Coriolanus says goodbye to his family and closest supporters.

Act 4, scene 2

Meeting the tribunes, Volumnia and Virgilia curse them.

Act 4, scene 3

A Roman informer tells a Volscian spy of Coriolanus’s banishment.

Act 4, scene 4

Coriolanus comes to the Volscian city of Antium in search of Aufidius.

Act 4, scene 5

Coriolanus offers to join Aufidius in making war on Rome.

Act 4, scene 6

The tribunes’ delight in Coriolanus’s banishment is interrupted by news that an army led by him and Aufidius has invaded…

Act 4, scene 7

Aufidius, offended by the Volscian soldiers’ preference for Coriolanus, begins plotting against him.

Act 5, scene 1

After Cominius fails to persuade Coriolanus not to destroy Rome, Menenius agrees to try.

Act 5, scene 2

Menenius fails to shake Coriolanus’s determination to destroy Rome.

Act 5, scene 3

Volumnia, accompanied by Virgilia, Valeria, and young Martius, persuades Coriolanus to spare Rome.

Act 5, scene 4

News arrives in Rome of Volumnia’s success.

Act 5, scene 5

The Romans honor Volumnia as she returns.

Act 5, scene 6

Aufidius and his fellow conspirators, on their return to Corioles, publicly assassinate Coriolanus.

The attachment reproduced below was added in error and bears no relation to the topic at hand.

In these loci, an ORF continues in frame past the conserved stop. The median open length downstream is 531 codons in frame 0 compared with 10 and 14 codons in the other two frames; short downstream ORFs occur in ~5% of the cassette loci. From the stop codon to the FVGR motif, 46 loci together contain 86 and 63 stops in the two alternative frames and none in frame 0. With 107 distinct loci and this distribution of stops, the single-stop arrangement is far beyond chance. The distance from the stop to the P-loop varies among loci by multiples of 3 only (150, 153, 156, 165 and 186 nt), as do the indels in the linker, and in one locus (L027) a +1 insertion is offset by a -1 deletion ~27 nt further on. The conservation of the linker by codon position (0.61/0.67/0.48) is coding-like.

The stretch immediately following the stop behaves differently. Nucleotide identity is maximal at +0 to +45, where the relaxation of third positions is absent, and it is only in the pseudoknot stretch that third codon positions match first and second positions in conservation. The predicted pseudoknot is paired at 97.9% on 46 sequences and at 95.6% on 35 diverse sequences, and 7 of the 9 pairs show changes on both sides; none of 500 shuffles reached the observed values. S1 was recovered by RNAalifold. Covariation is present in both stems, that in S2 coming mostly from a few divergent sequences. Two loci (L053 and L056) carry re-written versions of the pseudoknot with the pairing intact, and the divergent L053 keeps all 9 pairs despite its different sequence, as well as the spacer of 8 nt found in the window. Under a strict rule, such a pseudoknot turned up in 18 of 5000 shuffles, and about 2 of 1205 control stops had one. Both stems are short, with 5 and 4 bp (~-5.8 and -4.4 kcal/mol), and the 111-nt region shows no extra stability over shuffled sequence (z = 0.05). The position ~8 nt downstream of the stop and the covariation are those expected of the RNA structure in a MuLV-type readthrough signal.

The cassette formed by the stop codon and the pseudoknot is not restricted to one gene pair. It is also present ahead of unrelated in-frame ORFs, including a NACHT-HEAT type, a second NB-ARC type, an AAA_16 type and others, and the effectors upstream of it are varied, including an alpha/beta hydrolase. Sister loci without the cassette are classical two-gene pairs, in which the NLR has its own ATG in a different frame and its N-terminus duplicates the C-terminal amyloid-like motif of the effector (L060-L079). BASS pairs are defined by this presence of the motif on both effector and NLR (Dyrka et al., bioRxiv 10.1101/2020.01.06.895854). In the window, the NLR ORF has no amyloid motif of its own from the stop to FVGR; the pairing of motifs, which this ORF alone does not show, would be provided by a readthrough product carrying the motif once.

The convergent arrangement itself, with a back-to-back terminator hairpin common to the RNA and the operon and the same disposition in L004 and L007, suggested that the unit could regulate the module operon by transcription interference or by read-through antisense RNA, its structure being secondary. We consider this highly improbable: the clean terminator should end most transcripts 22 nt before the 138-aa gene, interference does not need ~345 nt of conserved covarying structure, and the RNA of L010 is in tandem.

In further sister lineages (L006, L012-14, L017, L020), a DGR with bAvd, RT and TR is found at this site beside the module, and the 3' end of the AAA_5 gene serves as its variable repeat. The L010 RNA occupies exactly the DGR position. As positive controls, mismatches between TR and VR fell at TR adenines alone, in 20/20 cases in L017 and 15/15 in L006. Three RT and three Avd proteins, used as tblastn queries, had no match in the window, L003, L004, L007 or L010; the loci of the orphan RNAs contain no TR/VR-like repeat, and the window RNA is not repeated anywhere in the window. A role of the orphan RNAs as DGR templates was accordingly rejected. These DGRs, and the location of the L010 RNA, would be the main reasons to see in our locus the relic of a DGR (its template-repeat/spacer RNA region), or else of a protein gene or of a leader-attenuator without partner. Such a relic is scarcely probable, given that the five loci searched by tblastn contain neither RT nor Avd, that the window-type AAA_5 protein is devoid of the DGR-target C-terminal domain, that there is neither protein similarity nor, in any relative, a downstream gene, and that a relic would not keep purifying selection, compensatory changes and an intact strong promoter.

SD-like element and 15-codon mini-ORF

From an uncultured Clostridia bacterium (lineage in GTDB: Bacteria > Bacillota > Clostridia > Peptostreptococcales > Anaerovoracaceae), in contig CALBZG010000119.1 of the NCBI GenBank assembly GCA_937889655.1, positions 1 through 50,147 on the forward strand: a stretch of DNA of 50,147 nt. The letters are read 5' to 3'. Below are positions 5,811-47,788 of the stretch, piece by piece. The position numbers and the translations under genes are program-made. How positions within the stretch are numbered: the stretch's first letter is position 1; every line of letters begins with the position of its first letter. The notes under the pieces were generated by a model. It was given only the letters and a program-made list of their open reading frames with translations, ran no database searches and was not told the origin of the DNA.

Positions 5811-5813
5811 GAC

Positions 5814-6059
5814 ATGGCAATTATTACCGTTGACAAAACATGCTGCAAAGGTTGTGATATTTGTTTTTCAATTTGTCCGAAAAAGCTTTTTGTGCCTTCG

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Scene 2
Enter Menenius to the Watch, or Guard.

FIRST WATCH Stay! Whence are you?
SECOND WATCH Stand, and go back.
 You guard like men; ’tis well. But by your leave,
 I am an officer of state and come
5 To speak with Coriolanus.
FIRST WATCH From whence?
 You may not pass; you must return. Our general
 Will no more hear from thence.
10 You’ll see your Rome embraced with fire before
 You’ll speak with Coriolanus.
MENENIUS  Good my friends,
 If you have heard your general talk of Rome
 And of his friends there, it is lots to blanks
15 My name hath touched your ears. It is Menenius.
 Be it so; go back. The virtue of your name
 Is not here passable.
MENENIUS  I tell thee, fellow,
 Thy general is my lover. I have been
20 The book of his good acts, whence men have read
 His fame unparalleled happily amplified;
 For I have ever verified my friends—
 Of whom he’s chief—with all the size that verity
 Would without lapsing suffer. Nay, sometimes,